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H. Sun, M.W. Dul, W.H. Swanson; Comparison of Conventional, FDT and Gabor–Based Perimetry in the Macula . Invest. Ophthalmol. Vis. Sci. 2005;46(13):3720.
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© ARVO (1962-2015); The Authors (2016-present)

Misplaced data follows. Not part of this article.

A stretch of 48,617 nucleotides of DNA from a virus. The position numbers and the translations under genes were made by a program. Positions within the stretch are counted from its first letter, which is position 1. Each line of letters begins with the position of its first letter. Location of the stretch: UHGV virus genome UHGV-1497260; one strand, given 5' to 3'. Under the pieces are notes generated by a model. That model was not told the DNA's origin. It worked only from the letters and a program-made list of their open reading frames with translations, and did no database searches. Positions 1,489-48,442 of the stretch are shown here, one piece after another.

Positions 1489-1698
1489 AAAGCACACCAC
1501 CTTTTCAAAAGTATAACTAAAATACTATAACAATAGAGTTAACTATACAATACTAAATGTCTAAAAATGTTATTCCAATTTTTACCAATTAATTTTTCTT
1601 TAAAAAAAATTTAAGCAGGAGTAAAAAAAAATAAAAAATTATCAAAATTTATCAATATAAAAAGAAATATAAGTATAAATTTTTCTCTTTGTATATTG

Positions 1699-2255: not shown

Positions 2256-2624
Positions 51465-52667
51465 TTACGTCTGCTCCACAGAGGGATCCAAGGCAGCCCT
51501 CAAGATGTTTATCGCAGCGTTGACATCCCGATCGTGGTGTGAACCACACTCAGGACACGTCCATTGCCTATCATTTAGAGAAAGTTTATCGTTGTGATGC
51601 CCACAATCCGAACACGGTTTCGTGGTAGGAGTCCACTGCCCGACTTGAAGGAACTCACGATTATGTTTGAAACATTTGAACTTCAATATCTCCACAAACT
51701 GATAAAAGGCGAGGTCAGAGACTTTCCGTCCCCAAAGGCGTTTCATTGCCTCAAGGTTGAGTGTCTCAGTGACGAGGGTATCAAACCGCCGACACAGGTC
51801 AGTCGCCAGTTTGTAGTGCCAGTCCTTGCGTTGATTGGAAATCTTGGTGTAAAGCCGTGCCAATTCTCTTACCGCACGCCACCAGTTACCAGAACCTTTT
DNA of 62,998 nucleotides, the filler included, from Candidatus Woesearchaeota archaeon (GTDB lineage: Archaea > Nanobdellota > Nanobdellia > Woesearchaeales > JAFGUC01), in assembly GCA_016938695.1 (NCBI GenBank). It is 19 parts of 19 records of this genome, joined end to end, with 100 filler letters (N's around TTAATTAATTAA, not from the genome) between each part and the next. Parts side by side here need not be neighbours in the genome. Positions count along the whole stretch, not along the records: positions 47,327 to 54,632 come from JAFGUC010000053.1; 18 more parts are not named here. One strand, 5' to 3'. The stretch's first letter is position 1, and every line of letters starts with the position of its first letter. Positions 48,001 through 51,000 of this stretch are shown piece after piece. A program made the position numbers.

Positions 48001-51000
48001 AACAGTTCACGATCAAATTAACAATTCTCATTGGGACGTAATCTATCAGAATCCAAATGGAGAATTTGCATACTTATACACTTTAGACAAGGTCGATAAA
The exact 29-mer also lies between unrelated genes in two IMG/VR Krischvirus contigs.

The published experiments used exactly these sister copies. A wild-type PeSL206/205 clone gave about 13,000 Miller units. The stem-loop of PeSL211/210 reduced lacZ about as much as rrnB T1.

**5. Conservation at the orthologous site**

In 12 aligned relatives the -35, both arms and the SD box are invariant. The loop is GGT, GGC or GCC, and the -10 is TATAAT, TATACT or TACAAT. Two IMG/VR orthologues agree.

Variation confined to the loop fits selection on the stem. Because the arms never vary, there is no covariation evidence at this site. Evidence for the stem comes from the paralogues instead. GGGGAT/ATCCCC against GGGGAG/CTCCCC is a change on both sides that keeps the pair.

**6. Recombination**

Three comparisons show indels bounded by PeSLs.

Purpose: In the central ±30° of visual field, comparable depth of glaucomatous defects has been reported for conventional perimetry with a size III circular stimulus and for CRT–based perimetry with sinusoidal patterns (Harwerth et al., American Academy of Optometry, 2003; Pan et al., ARVO 2003, No. 56). This result may not extend to the macula due to the higher spatial tuning in the fovea. The purpose of the current study was to compare conventional and CRT–based macular perimetry for patients with glaucoma. Methods: Twenty–two patients with glaucoma were evaluated with four perimetry tests: a conventional SITA 10–2 with Goldmann size III circular stimuli (0.43° in diameter) using a Humphrey Field Analyzer, two frequency–doubling tests (10–2 FDT, Macula FDT) with grating stimuli (0.5 cpd, 2°x2° square) using a Humphrey Matrix, and a test with Gabor stimuli (0.5 cpd, 6° in diameter) using a customized VSG–controlled CRT system. All tests were performed with the same eye in a single visit, and test order was counter–balanced. To compare results on conventional and CRT–based perimetry tests, we converted the thresholds for the SITA 10–2 into Weber contrast, and results from all four tests were expressed as log contrast sensitivity in decibel (dB) units (10 dB per log unit). To evaluate the effect of defect depth on sensitivity for 10–2 FDT and SITA 10–2, the difference between the two sensitivities was plotted versus their mean, and the means were grouped into twelve 2–dB bins (ranged from –10 to +14 dB). Similar analysis was also performed for 10–2 FDT and the Gabor–based tests. Results: Contrast sensitivity for the FDT stimuli was higher than for the SITA 10–2 stimuli by an average of 8.2 ± 4.9 dB. Sensitivity differences between FDT and SITA 10–2 for different bins averaged from 7.1 to 9.0 dB with SDs ranging from 1.5 to 6.3 dB. The exception was the 3% of points with the lowest SITA 10–2 sensitivities, where the sensitivity difference averaged 27.5 ± 6.9 dB. FDT sensitivity averaged 4.6 ± 1.8 dB higher than Gabor sensitivity, with little dependence on the mean sensitivity (r2<0.001, p>0.90). For 69% of the locations where thresholds could not be obtained with the SITA 10–2 test, contrast sensitivity could still be measured with FDT and Gabor tests. Conclusions: Depth of defect was similar for all three stimuli except at locations of the lowest SITA 10–2 sensitivity, where performance was better for sinusoidal stimuli. FDT and Gabor tests gave similar results despite their different temporal profiles. The results are consistent with the predictions of the cortical pooling model of glaucoma (Swanson et al., 2004; IOVS 45:466–472).
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